In principle, ideas, people, and events reflect back to you, according to your individualized consciousness, through the life you live. … The benefits you derive in life are the influence of frequency vibrations. The idea is to erase limitations through new points of reflection. Gregge Tiffen (Echo - September, 2010 in The Collected Works of Gregge Tiffen)

With a break of several days between having guests here at the Dragonfly House, I turned my attention to other things. Beyond the personal satisfaction of beginning to work through that list, I discovered a deeper understanding of the universal law of reflection, especially the power of new information and insight when used as points of reflection with awareness.

We each have some understanding that major life changes – new careers, new jobs, new relationships, changes in any one of these, moving, marriage, death, birth – create new points of reflection. We observe. We learn. We adapt to the new. We fight change or we embrace it. When we resist, we create struggle and stress. When we embrace an event as a learning opportunity, we create greater ease and flow – yes, even in the most challenging situations.

I notice that in my reactions to the world. For example, what do I experience when hearing the words and tone thrown recklessly out by politicians and further stoked by media reporting. When I observe with curiosity (What is this saying about the world? What can I learn about how the world works? What do I need to know about this to inform my choices?) I hold the possibility of learning something new and useful for my life. But, when I watch for entertainment or to be distracted or with no sense of why I’m watching I find myself agitated (or worse).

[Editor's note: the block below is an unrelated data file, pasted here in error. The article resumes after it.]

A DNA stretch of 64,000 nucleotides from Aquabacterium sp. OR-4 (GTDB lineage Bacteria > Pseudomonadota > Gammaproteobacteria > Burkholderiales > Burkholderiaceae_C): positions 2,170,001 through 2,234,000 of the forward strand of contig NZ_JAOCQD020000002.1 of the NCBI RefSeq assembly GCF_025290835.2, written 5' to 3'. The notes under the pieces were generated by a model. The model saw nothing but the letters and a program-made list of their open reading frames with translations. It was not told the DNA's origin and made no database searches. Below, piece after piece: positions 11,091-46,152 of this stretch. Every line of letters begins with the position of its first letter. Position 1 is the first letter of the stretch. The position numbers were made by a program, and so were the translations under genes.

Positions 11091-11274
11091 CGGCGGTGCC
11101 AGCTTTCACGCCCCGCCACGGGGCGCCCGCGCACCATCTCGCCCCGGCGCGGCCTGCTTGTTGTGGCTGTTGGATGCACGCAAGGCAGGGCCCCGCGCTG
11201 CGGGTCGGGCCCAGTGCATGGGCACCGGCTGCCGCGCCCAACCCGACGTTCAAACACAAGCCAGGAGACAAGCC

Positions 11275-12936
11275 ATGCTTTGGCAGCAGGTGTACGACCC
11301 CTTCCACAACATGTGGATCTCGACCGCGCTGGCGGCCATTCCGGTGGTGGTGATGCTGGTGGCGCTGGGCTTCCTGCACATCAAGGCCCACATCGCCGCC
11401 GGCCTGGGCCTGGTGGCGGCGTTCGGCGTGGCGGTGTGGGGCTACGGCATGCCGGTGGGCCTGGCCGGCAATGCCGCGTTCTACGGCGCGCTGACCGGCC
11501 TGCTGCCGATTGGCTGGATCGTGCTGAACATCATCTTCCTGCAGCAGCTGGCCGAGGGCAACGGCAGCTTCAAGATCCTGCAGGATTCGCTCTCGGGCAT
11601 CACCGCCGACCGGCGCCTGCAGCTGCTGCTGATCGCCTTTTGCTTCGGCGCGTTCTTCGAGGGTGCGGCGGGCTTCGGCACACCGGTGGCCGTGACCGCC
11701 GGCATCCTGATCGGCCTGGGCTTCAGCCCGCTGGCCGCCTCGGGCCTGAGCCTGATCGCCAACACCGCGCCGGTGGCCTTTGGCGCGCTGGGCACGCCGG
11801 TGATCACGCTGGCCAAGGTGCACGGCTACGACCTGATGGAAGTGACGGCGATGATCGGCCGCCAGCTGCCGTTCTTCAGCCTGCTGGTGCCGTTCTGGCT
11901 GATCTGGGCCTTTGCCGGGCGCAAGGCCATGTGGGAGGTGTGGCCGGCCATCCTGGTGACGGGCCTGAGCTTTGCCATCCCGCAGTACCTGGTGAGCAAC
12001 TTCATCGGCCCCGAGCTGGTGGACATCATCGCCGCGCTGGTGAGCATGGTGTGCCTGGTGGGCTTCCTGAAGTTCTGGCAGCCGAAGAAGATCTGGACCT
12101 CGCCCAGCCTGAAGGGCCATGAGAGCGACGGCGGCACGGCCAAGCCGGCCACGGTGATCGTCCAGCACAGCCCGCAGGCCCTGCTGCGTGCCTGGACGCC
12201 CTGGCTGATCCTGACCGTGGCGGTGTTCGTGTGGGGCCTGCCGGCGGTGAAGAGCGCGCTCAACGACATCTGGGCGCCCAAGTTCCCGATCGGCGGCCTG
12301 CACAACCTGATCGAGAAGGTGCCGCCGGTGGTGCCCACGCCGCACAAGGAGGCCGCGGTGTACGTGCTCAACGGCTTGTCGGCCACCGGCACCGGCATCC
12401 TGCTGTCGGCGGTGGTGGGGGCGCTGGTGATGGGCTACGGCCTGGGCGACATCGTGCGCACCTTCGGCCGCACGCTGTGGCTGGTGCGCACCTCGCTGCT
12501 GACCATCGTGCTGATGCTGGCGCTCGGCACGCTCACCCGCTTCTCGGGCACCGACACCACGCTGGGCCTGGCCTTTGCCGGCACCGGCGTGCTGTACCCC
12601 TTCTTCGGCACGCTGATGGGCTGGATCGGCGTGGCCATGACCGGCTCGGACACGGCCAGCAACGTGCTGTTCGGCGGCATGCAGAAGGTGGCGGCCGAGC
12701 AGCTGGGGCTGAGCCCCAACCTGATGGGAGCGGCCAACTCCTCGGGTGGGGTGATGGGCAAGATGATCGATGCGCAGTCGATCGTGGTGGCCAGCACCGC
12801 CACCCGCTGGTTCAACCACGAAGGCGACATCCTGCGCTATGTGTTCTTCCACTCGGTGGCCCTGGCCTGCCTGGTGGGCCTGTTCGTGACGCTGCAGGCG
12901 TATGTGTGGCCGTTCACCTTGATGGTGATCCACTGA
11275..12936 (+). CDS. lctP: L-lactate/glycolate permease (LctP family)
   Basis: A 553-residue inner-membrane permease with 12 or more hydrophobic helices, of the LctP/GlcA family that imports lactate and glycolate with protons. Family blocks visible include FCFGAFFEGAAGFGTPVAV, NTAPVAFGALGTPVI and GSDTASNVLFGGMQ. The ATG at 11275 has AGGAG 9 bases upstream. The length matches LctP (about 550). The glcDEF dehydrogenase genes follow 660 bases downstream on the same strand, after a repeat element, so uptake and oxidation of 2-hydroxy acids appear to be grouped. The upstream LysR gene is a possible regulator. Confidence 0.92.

Do I have new information, insight, or a new point of reflection that may be useful? Or, am I taking in garbage (and we know the output from that!).  Either answer provides valuable insight a presents a pivot point to shift. So don’t go shaming on yourself for going through the garbage. Take a moment to consider what you’re looking for. Then decide the best place to find it.

Among the things I’m attending to this week are health – both mine and Luke’s. (We’re both fine, but the change of seasons is presenting some symptoms that I felt deserve attention.) In the process I’ve discovered new information for each of us that resonated as accurate and useful – new points of reflection to support us both.

Points of reflection can drag us down, or they can lift us up. They can provide magical insights that protect, heal, and spur our growth. Points of reflection are abundant. Anytime can be harvest time. We simply have to wake up and see the rich potential in whatever is in front of us. But, harvest with care. Like mushrooms, some varieties can be hazardous to your health.

   Moon, Blue Sky, and Leaves Ready to Fall

Moon, Blue Sky, and Leaves Ready to Fall